Dollar lower as Fed moves still uncertain after US jobs data

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The dollar stood lower on Friday as data showing U.S. unemployment in August at its lowest since 2008 did little to clear away currency markets' uncertainties over whether the Federal Reserve will raise rates later this month.

In a report many analysts had tipped as key for Fed policymakers, the government said nonfarm payrolls increased 173,000 last month as the manufacturing sector lost the most jobs since July 2013.

That marked a slowdown from July's upwardly revised gain of 245,000 and was the smallest rise in employment in five months. However, it might have been weighed down by a statistical fluke that has led to sharp upward revisions to August payroll figures.

Average hourly earnings increased 8 cents, the biggest rise since January, and the workweek rose to 34.6 hours.

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The jobless rate declined 0.2 percentage point to 5.1 percent, its lowest level since April 2008 and in the range that most Fed officials think is consistent with a low but steady rate of inflation.

"The headline was a little weak, but every other metric was strong," said Win Thin, global head of emerging markets at Brown Brothers Harriman & Co in New York. "No one thinks the September (rate hike) is a done deal, but this certainly supports that."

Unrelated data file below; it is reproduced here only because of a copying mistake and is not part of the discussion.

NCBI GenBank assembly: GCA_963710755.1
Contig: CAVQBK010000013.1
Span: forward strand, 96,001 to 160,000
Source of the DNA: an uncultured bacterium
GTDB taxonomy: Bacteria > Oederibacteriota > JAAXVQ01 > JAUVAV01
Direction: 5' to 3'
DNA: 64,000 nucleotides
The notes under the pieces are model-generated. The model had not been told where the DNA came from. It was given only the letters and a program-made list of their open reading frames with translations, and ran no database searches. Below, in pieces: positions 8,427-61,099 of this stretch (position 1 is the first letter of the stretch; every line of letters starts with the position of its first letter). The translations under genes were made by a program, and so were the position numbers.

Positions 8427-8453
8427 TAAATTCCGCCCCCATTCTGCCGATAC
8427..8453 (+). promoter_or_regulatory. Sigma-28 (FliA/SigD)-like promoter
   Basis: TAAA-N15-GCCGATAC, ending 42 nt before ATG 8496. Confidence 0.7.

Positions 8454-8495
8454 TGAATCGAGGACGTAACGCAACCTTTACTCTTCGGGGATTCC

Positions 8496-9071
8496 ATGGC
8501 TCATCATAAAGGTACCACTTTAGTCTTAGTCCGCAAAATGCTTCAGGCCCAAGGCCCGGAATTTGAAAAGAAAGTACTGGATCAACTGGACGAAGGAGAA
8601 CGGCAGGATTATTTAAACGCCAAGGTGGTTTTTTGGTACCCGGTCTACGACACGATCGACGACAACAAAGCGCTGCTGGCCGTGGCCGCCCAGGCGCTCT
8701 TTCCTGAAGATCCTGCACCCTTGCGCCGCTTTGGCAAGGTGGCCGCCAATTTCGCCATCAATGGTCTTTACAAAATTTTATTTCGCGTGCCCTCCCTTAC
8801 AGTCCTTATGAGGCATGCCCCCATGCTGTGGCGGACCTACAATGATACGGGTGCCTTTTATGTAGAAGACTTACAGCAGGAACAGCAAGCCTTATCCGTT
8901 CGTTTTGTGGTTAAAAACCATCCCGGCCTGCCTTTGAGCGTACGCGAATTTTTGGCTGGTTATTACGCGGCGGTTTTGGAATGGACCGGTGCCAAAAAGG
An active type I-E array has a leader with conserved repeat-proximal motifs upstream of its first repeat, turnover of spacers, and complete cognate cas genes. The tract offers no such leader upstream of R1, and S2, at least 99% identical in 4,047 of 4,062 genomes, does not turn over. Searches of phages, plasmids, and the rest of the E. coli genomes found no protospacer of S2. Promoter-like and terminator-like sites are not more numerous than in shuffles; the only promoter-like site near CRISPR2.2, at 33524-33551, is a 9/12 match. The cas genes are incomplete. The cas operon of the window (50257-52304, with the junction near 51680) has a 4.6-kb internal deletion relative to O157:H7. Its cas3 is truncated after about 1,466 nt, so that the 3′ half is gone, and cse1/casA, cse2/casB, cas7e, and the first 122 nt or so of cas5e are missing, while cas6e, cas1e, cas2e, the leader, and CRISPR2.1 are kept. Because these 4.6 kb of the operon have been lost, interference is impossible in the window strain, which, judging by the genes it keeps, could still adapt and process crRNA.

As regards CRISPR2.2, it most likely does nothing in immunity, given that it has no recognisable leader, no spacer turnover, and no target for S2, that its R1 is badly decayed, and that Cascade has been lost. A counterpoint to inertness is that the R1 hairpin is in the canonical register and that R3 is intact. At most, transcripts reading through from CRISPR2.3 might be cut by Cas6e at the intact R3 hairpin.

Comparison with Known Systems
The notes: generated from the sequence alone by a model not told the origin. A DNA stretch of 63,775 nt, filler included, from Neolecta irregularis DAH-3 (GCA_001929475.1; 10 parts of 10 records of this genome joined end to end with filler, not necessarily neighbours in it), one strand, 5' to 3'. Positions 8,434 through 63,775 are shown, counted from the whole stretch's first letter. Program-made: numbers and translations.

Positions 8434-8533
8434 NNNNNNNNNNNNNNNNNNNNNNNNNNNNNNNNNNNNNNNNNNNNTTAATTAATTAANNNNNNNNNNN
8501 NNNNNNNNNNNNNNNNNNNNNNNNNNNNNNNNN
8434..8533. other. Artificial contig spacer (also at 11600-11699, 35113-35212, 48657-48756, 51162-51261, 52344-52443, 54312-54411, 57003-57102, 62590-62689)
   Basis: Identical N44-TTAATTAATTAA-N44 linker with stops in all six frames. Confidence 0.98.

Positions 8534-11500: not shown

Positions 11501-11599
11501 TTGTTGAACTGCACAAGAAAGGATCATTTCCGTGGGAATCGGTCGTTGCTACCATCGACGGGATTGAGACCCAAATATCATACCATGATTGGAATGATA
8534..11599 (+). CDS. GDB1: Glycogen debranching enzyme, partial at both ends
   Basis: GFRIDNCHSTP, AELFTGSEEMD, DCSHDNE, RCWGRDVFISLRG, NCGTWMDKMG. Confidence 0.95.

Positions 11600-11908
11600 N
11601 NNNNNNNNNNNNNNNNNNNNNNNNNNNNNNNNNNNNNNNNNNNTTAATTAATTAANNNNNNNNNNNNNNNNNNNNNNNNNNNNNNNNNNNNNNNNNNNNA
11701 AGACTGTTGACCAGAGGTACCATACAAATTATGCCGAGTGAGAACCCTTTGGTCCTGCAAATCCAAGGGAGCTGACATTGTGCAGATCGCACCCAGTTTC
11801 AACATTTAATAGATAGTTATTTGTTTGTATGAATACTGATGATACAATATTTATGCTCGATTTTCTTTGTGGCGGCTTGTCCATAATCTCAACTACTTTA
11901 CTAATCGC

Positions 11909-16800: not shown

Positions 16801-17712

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Expectations of a rate hike by the Fed in September have waned as a slowdown in China has brought increased market volatility across asset classes. That has caused the dollar to struggle in recent weeks, especially against the yen.

The dollar index of major currencies traded against the greenback was 0.15 percent lower at 96.25 after repeatedly fluctuated between gains and losses and last was little changed.

The dollar was down about 0.9 percent against the yen at 119.04.

The dollar was 0.2 percent lower against the euro, which pivoted from earlier gains stemming from unwinding of euro-funded carry trades.

Euro-dollar intraday

Source: FactSet

The euro hit a two-week low against the dollar on Thursday after European Central Bank President Mario Draghi said the bank's bond-buying program may run beyond September 2016 and that its size and composition may be adjusted.